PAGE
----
October 17, 2013
Thomas R. Purcell, Plaintiff-Appellant,
The City of New York, Defendant-Respondent.
Thomas R. Purcell, New York, appellant pro se.
Michael A. Cardozo, Corporation Counsel, New York (Diana Lawless of counsel), for respondent.
Acosta, J.P., Saxe, Renwick, DeGrasse, Richter, JJ.
Order, Supreme Court, New York County (Geoffrey D. Wright, J.), entered on or about March 7, 2013, which granted defendant's motion to dismiss the action, pursuant to CPLR 3211(a)(7), and denied plaintiff's cross motion for summary judgment, unanimously affirmed, without costs.
Plaintiff, a former New York County Deputy Public Administrator, seeks compensation for unused annual and sick leave time. By letter, dated November 1, 2010, after plaintiff's retirement, the Office of the Public Administrator determined that plaintiff was not owed any compensation for unused leave and that, in fact, his final leave balance was negative. Plaintiff challenged this determination in an Article 78 proceeding, resulting in an order (Supreme Court, New York County [Saliann Scarpulla, J.], entered December 14, 2011) that remanded the matter for issuance of a revised determination based upon correct information.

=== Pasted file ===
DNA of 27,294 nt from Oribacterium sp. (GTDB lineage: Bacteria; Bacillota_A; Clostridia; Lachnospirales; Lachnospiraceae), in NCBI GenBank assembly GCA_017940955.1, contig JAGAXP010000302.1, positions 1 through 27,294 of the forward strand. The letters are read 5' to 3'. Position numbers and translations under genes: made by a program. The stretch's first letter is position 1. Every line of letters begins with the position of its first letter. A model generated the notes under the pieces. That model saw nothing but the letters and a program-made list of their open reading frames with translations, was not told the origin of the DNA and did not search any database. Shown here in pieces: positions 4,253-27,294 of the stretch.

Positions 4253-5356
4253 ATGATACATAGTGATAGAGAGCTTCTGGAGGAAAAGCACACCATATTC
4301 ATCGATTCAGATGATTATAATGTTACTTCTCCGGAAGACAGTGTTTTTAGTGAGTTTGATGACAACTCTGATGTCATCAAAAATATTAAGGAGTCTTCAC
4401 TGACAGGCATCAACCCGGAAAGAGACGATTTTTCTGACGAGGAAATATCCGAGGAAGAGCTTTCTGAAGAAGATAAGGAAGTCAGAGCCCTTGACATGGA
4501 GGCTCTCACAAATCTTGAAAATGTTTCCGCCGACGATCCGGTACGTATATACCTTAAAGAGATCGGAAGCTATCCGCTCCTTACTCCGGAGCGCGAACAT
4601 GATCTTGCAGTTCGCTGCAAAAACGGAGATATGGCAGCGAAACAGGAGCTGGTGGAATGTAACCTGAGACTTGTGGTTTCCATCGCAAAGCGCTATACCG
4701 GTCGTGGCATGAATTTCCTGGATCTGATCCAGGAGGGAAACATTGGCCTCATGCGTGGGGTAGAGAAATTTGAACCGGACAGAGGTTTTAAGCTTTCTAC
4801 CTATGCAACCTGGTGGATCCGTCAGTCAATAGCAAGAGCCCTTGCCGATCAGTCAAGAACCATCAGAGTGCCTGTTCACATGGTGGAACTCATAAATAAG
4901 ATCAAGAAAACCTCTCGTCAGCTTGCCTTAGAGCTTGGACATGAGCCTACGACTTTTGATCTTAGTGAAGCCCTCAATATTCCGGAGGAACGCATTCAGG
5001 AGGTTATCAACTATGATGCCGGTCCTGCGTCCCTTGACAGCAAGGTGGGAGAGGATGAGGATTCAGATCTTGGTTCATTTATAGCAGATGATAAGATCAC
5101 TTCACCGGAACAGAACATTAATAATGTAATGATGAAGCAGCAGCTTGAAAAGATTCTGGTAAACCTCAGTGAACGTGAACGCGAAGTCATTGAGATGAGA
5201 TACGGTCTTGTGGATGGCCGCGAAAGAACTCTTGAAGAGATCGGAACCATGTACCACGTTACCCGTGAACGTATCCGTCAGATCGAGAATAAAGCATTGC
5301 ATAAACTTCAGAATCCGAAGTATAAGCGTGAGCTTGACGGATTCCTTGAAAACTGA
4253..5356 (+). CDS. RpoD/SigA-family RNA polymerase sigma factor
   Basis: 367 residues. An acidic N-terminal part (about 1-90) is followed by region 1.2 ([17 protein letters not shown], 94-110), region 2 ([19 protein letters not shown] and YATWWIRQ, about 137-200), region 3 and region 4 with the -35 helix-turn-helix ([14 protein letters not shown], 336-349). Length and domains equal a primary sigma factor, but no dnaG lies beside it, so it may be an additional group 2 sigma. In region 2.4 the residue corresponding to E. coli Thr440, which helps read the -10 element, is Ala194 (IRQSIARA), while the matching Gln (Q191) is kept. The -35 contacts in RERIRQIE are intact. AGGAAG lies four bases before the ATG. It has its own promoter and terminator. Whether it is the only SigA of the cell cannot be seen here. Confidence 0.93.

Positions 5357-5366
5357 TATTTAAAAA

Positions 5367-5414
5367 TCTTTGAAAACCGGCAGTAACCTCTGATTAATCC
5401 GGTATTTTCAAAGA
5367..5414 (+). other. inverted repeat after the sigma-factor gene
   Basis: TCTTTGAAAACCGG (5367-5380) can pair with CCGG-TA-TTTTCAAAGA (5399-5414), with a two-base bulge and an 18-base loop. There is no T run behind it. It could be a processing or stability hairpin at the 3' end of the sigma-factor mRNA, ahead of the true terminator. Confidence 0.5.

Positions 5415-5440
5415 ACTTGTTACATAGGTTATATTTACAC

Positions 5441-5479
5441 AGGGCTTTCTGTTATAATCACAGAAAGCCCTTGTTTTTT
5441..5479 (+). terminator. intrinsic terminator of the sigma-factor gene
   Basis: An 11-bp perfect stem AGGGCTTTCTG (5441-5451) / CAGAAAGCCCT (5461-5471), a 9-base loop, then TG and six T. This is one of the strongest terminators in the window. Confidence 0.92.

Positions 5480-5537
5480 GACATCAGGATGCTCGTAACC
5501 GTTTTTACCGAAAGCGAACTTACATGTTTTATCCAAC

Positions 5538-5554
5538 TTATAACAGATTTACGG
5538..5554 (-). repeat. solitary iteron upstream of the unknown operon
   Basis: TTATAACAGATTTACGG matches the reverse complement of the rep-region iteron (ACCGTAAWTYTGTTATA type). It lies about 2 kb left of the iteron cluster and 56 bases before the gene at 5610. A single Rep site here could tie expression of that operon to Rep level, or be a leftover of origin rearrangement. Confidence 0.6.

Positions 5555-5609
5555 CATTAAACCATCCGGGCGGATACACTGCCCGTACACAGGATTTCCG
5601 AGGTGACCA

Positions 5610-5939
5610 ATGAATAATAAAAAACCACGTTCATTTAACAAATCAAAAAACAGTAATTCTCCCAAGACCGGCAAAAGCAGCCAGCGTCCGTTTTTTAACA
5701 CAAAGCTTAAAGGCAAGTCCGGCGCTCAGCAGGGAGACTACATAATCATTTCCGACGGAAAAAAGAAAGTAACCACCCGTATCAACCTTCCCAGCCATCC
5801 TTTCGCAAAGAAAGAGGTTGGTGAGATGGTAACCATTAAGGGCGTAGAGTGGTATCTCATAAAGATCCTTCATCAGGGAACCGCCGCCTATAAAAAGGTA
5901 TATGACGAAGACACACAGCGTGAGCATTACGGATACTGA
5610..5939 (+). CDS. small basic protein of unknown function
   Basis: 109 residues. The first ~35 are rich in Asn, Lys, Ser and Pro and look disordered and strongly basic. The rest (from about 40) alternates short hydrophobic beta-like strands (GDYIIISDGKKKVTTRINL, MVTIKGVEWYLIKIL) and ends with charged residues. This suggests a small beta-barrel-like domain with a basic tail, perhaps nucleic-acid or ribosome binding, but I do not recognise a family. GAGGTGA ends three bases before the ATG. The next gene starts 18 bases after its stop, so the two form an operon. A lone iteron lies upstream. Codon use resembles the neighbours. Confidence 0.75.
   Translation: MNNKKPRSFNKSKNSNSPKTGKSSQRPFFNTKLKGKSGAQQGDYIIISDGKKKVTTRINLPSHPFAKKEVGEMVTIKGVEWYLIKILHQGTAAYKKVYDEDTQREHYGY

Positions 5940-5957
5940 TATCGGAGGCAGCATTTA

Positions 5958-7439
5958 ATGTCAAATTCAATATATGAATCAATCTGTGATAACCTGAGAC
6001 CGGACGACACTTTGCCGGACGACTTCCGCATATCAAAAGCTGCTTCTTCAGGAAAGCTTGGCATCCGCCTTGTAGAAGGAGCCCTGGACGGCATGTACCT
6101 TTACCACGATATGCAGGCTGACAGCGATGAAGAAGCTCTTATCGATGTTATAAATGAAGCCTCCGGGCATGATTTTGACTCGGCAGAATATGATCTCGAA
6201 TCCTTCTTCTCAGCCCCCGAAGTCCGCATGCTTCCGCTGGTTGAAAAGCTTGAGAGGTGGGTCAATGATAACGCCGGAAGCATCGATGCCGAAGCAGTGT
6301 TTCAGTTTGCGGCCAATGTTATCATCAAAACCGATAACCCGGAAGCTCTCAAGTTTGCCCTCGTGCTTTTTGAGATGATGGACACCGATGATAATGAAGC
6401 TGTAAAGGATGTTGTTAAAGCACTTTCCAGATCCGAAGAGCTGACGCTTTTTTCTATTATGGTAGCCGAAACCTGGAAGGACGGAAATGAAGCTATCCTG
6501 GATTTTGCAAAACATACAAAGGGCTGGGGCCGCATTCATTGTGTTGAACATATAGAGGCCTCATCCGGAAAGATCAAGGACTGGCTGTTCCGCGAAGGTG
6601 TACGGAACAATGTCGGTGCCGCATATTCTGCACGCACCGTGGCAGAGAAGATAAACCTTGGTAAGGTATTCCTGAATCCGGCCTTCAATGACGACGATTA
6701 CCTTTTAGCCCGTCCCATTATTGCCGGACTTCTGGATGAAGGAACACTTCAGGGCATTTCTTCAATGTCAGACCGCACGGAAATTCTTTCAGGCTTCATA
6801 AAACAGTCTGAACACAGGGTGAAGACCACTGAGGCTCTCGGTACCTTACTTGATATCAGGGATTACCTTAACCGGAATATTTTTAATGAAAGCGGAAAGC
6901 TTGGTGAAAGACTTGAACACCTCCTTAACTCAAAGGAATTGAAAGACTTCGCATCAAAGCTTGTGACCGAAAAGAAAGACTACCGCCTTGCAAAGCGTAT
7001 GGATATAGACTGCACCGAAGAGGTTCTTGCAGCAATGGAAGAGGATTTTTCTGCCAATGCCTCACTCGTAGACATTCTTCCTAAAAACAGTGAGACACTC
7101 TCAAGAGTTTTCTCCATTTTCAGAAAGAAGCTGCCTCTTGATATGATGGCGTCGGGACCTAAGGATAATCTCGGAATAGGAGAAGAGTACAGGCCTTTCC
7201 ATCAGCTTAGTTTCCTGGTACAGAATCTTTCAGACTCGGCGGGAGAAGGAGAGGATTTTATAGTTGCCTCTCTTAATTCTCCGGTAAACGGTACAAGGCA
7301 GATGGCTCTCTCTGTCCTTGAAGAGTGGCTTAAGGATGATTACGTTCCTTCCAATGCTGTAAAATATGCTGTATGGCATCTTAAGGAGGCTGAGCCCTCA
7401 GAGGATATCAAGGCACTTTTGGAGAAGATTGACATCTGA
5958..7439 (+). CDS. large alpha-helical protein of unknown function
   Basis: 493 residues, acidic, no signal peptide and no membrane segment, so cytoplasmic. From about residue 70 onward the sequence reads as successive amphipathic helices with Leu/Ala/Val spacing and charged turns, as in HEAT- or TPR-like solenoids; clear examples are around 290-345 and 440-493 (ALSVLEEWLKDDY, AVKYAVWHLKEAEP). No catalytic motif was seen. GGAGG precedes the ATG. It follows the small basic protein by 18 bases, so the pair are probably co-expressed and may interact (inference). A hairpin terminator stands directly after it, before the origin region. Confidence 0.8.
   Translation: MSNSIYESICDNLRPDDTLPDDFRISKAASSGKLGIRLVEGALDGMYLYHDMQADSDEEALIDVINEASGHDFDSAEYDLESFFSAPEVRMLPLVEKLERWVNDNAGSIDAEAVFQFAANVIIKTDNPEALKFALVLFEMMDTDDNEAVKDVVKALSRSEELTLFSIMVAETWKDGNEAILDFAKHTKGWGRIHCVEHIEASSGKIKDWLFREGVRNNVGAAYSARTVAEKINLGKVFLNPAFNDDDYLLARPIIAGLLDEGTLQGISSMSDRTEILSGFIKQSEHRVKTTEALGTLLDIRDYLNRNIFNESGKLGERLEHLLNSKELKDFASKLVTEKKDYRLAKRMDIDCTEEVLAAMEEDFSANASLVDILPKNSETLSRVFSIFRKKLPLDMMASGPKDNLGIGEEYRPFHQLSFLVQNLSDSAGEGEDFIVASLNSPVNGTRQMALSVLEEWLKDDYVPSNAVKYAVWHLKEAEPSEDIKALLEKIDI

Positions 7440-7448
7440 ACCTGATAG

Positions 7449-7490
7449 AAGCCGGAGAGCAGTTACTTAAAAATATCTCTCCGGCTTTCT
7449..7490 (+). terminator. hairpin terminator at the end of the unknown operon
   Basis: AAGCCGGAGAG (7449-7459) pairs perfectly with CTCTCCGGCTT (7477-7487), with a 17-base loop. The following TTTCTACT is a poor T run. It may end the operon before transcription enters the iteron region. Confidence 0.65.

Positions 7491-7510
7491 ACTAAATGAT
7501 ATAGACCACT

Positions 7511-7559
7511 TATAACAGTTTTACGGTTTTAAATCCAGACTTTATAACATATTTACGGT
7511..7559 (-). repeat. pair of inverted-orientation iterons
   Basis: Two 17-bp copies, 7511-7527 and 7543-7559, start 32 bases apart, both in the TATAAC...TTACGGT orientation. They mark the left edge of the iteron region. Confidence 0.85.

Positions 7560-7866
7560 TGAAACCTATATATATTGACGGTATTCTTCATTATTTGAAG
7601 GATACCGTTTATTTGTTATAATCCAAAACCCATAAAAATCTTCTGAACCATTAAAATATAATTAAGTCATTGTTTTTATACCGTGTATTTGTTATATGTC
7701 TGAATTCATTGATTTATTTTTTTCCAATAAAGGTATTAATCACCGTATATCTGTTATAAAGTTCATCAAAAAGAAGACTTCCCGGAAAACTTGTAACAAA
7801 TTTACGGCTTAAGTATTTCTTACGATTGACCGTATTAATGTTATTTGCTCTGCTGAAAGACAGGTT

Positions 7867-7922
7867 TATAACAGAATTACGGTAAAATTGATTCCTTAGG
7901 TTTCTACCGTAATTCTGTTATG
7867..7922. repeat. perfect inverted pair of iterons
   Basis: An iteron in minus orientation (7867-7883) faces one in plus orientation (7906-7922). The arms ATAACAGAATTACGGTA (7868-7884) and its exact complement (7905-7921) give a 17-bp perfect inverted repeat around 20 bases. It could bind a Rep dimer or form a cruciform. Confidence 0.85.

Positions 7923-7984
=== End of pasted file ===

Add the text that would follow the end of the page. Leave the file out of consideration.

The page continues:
On March 6, 2012, the Office of the Public Administrator issued a revised determination, asserting that its earlier calculation as to plaintiff's annual leave balance was correct. Approximately six months later, plaintiff commenced this action alleging, inter alia, a cause of action for breach of contract arising out of defendant's failure to compensate him for the value of his unused annual and sick leave time.
The instant action, although framed as one for breach of contract, is actually a challenge to the Office of the Public Administrator's administrative determination that, based upon its calculations, plaintiff was not entitled to compensation for unused sick and annual leave. The appropriate vehicle for such a challenge is an Article 78 proceeding, which is barred by the four-month statute of limitations (see CPLR 317[a]; Todras v City of New York, 11 A.D.3d 383, 384 [1st Dept 2004]). While plaintiff accurately states that a party seeking damages arising from a breach of contract against a public official or governmental body may pursue an action at law (see Steve's Star Serv. v County of Rockland, 278 A.D.2d 498 [2d Dept 2000]), he has failed to establish the existence of such a contract here.